Learning to Fly – Day Three (Hard work)

Today we planned to take off around 8:00 and we were not too far off schedule taking off at 08:15.  Again, I did all checks and taxiing under Gerry’s watchful eyes. Radio call to ensure everyone in the pattern (or circuit) knew we would be taking off from runway 11. Rotating at 55 knots and keeping the runway heading, I was instructed we were going to start by doing a few touch and goes. We did 2, focusing more on sticking to the pattern than me getting the landing part right.  It was then off to the training grounds for steep turns, stalls, S-turns and turns around a point.  I only really have problem with the latter. The other exercises seem to come along quite well. The important bit being practised is the ability to do the exercise where you have to consider the effect of the wind when determining the turn-angle for a uniform ground pattern WHILE you maintain constant altitude.  In the stall you also have to maintain constant heading and in the turn around a point you have to maintain a constant distance from the point.  After about 1 hour we turned back towards Winter Haven for 30 minutes in the pattern with me having to do as much as I was able to.  This was very very tough; hard work indeed.  Take offs and initial climb OK though I get a feeling I’m moving too fast. I guess I instinctively want to move slower so I have more time to consider all the stuff I need to do. Turn onto cross-wind leg. For runway 11 there are not many visual reference points so I do this on heading. 11 minus 90 is 020. Nice 15 degrees climbing turn to a heading of 020 and if I don’t watch it, I start to lose climb before reaching 1,100ft. 980ft and it’s time to turn to downwind. 020-90 is 290 (and not 190 as I did the first time!). Level off at 1,100ft, reduce power to 2,100 RPM, R/T call downwind, keep altitude, watch runway threshold, keep look-out, go through BUMPFICH checks (Brakes, Under-carriage which is a bit of a moot point in a Piper PA-28 with non-retractable), mixture – 2 part vermouth to 1 part gin, pitch which is another moot point in a Piper with fixed pitched propeller, fuel sufficient and fuel pump on, instruments OK and Ts&Ps, carburettor heat and hatches and harnesses secure), 10 degrees of flaps and in the US start descent but in the UK just turn onto base.  Call base on the radio, 1,700 RPM, 25 degrees flaps, airspeed 75knots, look for anyone long final (no mid-air collisions please) 30 degree turn into final, full 40 degrees flaps, keep airspeed at 70knots, point nose before runway, keep aircraft aimed at centre of runway and ensure you are on the right glide-path. That’s really it… how hard could it be? Well, as with most things if you know how to do it, it is probably not very hard but this was really draining.  I went through 8 full patterns with landings and touch and goes. My take offs really improved and though I could slowly feeling my landings being more controlled the quality did not improve much.  I do not have a problem in general holding off the flare so I hope I am going to click into this really soon. In one of the patterns just as I was going to call downwind someone else did! That threw us a bit as it means someone is at the same height going the same direction as you on pretty much the same track… and we could not see the plane!  The smug bastards could see us and told us to look over our left wing as they were flying a tighter pattern than I was (Yeah, he’s doing his checkout ride tomorrow – I’m on my third day; what do you expect, eh?). The problem was, we still couldn’t see him.  He then called base. Now we knew around where he would turn from downwind into base and were both scanning as mad (now having re-joined downwind ourselves) but we still could not find him. Very embarrassing though we mutually agreed that it was either a stealth Cessna or it was equipped with a Klingon cloaking device.  They uncloaked on final when I finally spotted them.  Seeing the other aircrafts in the circuit is also hard work.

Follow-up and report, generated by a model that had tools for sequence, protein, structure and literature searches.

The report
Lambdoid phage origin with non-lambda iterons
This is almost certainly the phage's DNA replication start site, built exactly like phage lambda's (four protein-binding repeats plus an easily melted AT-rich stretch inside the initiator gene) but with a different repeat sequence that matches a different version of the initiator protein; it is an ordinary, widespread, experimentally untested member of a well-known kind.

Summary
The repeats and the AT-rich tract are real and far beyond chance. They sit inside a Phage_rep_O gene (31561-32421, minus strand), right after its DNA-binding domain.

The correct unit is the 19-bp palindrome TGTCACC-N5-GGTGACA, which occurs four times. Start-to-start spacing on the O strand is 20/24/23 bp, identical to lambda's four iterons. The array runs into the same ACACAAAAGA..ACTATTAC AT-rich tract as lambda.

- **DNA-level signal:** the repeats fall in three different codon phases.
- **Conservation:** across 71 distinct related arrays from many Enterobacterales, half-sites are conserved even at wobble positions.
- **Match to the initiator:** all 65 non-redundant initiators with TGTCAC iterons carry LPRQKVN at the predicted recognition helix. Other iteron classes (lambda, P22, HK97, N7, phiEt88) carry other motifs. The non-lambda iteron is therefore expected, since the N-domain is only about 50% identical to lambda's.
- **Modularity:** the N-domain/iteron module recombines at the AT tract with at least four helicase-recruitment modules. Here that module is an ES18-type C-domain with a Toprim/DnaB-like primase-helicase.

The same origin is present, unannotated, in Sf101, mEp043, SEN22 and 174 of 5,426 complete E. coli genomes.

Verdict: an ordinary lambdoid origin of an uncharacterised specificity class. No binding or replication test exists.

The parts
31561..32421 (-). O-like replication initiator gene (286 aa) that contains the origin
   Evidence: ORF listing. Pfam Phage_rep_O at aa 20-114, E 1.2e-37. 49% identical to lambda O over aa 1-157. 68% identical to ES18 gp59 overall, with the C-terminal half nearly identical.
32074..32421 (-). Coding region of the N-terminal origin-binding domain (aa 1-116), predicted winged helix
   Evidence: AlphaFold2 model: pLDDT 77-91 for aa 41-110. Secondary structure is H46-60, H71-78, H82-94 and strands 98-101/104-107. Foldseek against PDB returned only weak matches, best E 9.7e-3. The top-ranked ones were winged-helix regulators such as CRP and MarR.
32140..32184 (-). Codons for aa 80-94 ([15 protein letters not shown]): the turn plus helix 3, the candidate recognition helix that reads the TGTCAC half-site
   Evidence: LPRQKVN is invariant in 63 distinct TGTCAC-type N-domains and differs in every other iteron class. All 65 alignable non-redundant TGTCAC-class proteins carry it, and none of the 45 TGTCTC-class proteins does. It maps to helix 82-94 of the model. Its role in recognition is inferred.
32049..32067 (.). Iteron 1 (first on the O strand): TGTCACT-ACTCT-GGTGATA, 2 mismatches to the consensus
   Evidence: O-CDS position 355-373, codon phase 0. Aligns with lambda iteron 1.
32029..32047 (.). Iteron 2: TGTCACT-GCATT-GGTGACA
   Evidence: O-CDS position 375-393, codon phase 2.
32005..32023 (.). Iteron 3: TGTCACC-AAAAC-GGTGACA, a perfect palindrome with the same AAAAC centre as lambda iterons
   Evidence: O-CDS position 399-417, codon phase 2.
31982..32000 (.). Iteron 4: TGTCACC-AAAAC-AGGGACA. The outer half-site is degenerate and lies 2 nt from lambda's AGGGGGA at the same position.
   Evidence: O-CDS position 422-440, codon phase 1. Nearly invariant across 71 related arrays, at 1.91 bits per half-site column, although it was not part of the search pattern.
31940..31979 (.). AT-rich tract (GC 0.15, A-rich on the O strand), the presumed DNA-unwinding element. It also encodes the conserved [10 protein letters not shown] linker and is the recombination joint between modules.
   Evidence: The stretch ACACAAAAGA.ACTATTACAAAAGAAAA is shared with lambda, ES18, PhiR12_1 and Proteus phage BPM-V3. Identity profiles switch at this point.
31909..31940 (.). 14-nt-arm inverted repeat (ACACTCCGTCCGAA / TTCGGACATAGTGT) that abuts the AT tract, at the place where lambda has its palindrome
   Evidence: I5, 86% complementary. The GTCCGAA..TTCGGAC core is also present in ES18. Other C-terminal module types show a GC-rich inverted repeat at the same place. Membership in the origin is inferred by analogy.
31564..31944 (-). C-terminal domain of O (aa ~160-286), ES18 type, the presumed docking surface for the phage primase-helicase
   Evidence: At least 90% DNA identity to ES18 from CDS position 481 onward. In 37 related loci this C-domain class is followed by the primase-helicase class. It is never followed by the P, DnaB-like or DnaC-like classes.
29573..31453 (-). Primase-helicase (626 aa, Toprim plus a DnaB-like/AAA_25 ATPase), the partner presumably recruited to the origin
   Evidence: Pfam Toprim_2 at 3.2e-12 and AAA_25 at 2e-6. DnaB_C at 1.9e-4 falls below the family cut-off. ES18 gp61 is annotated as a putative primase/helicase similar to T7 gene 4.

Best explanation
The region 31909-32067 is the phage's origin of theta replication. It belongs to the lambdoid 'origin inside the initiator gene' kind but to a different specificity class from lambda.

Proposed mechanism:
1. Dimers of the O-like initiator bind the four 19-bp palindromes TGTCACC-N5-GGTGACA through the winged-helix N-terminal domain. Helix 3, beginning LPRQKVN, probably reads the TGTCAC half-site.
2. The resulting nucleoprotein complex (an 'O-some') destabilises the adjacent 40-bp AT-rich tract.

After nearly two hours of flying, it was a full stop and 1.5 hours relaxation before next session. I was soaked. The sun had been on the whole time and it’s 25° Celsius but we have plenty of fresh airflow and the concentration and hard work just soaked me through.

The second session was more or less a duplicate of the first except I didn’t do any S-turns of turns around points.  I was so tired (and soaked again). I had all these grand plans of flying 3 sessions a day, 5-6 hours and I was ready for bed at 15:00 after a hard days work.  I just popped into the learning centre to finish off the second of 11 mandatory videos I have to sit through.  This was on special manoeuvres and quite relevant to the training I am doing right now.

I have to admit, at this point only my confidence in the system and my general learning abilities being at least that of the average student, convinces me I will succeed at this.  Getting all those techniques right at the right time and with required accuracy seems so hard and so far away, I am beginning to realise the size of the task ahead. Two students at the school quit their training half way through over the past month.  However, neither could apparently overcome really basic stuff, so I am still cautiously optimistic.

Gerry is off to a big airport tomorrow for a full day of “Fire training” so I am flying 4 hours with a replacement instructor. He is French and seems a pretty calm and OK guy but we will see.

I have had my Cross pen nicked from the school, which really pisses me off.

Summary after 3 days
Flown: 3 hours and 30 minutes.
Total flying time: 7 hours and 32 minutes.
Solo: 0 hours and 0 minutes.
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